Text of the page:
R-CALF USA talks trade challenges

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DENVER – “The U.S. cattle industry is challenged by trade today like never before,” said Dennis McDonald, an R-CALF United Stockgrowers of America member and former representative on the U.S. Senate’s agricultural advisory panel on trade. R-CALF USA, created in 1998 to address trade issues facing the U.S. cattle industry at the time, became a membership cattle-producer organization in 1999.
During R-CALF USA’s annual convention in Denver last week, the organization’s international trade committee convened a panel to address issues related to global trade.
Included on the panel were McDonald, former co-chair of the committee; Susan Keller, North Dakota’s state veterinarian; Athol Economou, a director and treasurer of the Australia Beef Association; and American Sugar Cane League representative Warren Harang.
Giving to get. One of the trade challenges faced today is the historic mentality that a country has to “give access to gain access.”
Keller noted that the recent Japan Import Rule was formulated on that belief. However, she cautioned that such a trade mentality – and specifically how the U.S. has handled trade relative to mad cow disease – sets a dangerous precedent.
She specifically noted the different health and import standards the United States is using for different countries relative to the disease, citing the Japan Import Rule versus the Canada rule.
Developing countries. Another prevalent trade mentality is that the United States will export itself to profitability. The panel agreed that trade enhancing agreements are needed, but noted that so many of the agreements are with developing countries that there is little to be gained by U.S. production agriculture.
Harang, who raises both sugar cane and cattle, said U.S. sugar producers face the same challenges as cattle producers, and that is global trade distortions.
He specifically noted that U.S. sugar producers are asked to compete in the global marketplace with countries that receive government subsidies, enjoy lower production costs, and access to the U.S. market. He noted that the United States can import sugar so cheaply that it costs more than the sugar is worth to package it.
CAFTA. Harang also said the American Sugar Cane League has worked diligently to address some of the global trade distortions and tirelessly to defeat the Central American Free Trade Agreement, even though Congress eventually passed it.
“We were successful,” Harang said. “We lost the battle, but not the war. There has never been a fight like that before in Congress over a trade agreement, and U.S. agriculture was finally heard.”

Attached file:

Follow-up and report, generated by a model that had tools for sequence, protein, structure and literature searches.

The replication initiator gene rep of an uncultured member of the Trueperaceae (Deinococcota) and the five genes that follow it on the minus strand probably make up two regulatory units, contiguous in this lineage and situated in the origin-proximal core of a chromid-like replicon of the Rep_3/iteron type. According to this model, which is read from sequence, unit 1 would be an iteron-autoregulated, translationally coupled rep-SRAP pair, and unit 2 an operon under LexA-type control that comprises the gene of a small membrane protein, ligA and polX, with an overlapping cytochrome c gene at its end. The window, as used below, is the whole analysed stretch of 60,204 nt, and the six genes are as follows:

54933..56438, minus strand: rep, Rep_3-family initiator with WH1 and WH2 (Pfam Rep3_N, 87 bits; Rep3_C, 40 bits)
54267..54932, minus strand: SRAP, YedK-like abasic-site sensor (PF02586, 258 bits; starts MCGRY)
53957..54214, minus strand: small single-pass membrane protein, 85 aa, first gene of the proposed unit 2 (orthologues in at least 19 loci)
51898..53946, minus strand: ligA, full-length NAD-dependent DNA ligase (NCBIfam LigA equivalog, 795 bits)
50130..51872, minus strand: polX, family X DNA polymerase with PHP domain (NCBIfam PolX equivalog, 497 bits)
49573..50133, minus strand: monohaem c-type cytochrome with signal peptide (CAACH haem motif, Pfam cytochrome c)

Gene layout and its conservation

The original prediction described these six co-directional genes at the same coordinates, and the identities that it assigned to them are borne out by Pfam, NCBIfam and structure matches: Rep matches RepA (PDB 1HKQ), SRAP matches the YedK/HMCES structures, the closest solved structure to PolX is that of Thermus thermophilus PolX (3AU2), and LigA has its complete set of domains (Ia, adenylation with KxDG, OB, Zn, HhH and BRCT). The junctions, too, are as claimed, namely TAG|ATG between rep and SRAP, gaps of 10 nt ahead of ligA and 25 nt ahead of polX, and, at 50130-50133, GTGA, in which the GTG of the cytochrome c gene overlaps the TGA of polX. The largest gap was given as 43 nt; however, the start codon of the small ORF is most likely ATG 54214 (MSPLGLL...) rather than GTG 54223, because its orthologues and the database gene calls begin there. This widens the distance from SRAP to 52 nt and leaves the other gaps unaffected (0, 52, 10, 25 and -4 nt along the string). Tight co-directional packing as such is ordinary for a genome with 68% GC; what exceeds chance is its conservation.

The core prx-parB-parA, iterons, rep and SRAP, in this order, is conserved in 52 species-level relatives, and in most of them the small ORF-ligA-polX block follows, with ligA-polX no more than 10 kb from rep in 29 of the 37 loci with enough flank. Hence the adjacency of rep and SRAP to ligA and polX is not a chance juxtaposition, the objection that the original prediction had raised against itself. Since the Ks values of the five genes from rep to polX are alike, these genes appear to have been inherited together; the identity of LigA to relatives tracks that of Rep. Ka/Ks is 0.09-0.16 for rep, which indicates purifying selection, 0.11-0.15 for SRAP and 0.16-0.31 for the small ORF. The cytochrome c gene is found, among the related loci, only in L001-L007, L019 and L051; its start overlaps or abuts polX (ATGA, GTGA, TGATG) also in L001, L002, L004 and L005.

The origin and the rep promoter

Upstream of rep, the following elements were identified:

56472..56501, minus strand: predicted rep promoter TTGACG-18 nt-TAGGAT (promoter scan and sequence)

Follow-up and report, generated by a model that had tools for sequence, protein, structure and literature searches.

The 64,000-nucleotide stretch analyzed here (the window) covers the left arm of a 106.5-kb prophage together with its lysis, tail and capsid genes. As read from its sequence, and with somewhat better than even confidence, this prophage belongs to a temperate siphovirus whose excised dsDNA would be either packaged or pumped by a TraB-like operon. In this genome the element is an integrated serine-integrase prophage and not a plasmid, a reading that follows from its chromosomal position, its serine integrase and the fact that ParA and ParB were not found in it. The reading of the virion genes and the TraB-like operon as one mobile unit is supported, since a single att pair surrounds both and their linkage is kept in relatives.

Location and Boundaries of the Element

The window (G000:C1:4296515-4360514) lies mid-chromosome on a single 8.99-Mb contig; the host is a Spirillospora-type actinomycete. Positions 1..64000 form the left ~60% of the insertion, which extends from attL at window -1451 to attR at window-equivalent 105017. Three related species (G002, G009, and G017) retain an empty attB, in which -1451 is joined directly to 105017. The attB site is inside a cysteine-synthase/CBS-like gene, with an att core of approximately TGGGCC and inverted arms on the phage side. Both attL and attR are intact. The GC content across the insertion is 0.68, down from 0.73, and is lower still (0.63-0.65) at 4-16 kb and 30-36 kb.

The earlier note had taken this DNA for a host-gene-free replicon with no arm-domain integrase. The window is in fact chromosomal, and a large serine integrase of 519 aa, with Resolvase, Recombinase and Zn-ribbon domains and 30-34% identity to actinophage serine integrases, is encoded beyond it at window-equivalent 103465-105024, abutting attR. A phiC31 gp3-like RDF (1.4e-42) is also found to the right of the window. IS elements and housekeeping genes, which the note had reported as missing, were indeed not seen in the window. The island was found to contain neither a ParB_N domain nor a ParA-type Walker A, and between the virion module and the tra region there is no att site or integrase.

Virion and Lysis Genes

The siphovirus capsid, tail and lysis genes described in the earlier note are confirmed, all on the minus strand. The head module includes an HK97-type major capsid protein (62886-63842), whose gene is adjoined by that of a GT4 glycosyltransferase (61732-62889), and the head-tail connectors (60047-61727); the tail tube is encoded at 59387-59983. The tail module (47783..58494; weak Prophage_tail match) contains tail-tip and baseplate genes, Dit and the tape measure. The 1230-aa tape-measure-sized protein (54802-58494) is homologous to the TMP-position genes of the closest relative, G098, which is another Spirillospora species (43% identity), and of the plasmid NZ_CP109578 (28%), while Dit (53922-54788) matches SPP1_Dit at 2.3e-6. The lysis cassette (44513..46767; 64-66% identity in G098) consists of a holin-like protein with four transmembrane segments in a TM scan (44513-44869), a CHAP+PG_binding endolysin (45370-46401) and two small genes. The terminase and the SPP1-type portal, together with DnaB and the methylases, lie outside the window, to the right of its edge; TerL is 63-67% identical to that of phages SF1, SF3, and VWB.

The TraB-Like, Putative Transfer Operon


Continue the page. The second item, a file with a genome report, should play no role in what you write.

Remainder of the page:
Harang said if U.S. agricultural producers join together like they did on the Central American Free Trade Agreement fight, there will be many more trade successes in the future.
Economou said the same tension exists between traders and producers in Australia as it does in the United States. He also said the tension has existed for a long time, and essentially the Australian producers are the losers relative to trade.
He specifically noted that the U.S.-Australia Free Trade Agreement was not good for Australian producers; many are extremely disgruntled because the Australia traders traded away many health standards Australian producers worked vigorously to achieve.
Where’s it from? McDonald wrapped up the panel discussion by explaining the challenges that need to be addressed for effectively enhancing trade for U.S. cattle producers.
Of utmost concern is giving U.S. cattle producers the ability to distinguish their products from not only other domestic competitors, but from international imports as well.
In addition, McDonald noted that the captive-supply issue must be addressed, as it is not only a concern within the borders of the United States, but will further expand as free-trade agreements are completed and provide unfettered access to the U.S. marketplace.
McDonald said he was especially concerned about the sanitary and phytosanitary issues. With the United States’ recent relaxation of import standards for countries known to have mad cow disease, it is of great concern the same liberalization mentality could be applied to other diseases.
Furthermore, he said the regionalization occurring relative to disease classification could also cause a huge challenge for cattle producers.

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